The IRO reviewer determined that the requested ten days/sessions of a CPMP for the compensable injury of _________, was not medically necessary because the request did not conform to the ODG criteria. Petitioner appealed the IRO decision. In accordance with Division Rule 133.308(t), Petitioner, the appealing party of the IRO decision, had the burden of overcoming the IRO decision by a preponderance of EBM evidence. In support of the disputed issue, Petitioner relied upon Claimant's testimony and medical records concerning the compensable injury of _________. Petitioner did not offer EBM evidence to overcome the IRO determination that the ten days/sessions of a CPMP for the compensable injury of _________, was not medically necessary. MT, M.D., testified on behalf of Respondent/Carrier, and in support of the IRO decision.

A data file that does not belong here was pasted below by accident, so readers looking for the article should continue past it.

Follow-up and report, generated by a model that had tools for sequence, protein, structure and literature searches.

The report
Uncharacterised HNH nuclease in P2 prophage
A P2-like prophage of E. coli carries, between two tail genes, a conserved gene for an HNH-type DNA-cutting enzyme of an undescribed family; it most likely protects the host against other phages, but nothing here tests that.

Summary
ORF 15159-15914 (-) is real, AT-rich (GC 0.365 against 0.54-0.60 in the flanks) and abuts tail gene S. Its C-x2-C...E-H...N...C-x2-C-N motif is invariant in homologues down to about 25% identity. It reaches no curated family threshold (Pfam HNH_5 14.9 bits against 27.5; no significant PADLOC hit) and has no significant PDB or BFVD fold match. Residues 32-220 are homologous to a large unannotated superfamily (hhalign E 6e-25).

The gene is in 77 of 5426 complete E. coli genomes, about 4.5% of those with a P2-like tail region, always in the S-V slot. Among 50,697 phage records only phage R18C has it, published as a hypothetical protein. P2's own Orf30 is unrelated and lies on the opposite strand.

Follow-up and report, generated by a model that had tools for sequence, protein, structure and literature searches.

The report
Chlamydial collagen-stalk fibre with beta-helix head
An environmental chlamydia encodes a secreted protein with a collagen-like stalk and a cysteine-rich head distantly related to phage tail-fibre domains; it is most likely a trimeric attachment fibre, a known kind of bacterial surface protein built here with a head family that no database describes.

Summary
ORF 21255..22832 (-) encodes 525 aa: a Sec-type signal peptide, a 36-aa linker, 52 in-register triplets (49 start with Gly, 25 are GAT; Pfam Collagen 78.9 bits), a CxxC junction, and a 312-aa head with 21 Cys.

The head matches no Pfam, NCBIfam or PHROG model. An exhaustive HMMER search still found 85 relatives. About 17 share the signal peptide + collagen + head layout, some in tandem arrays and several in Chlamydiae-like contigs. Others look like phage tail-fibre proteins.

Even though all the evidence presented was not discussed, it was considered. The Findings of Fact and Conclusions of Law are based on all of the evidence presented.


  1. The parties stipulated to the following facts:

A.Venue is proper in the (City) Field Office of the Texas Department of Insurance, Division of Workers’ Compensation.

B. On _________, Claimant was the employee of (Employer), and sustained a compensable injury on _________.

  • Carrier delivered to Petitioner and Claimant a single document stating the true corporate name of Carrier, and the name and street address of Carrier’s registered agent, which document was admitted into evidence as Hearing Officer’s Exhibit Number 2.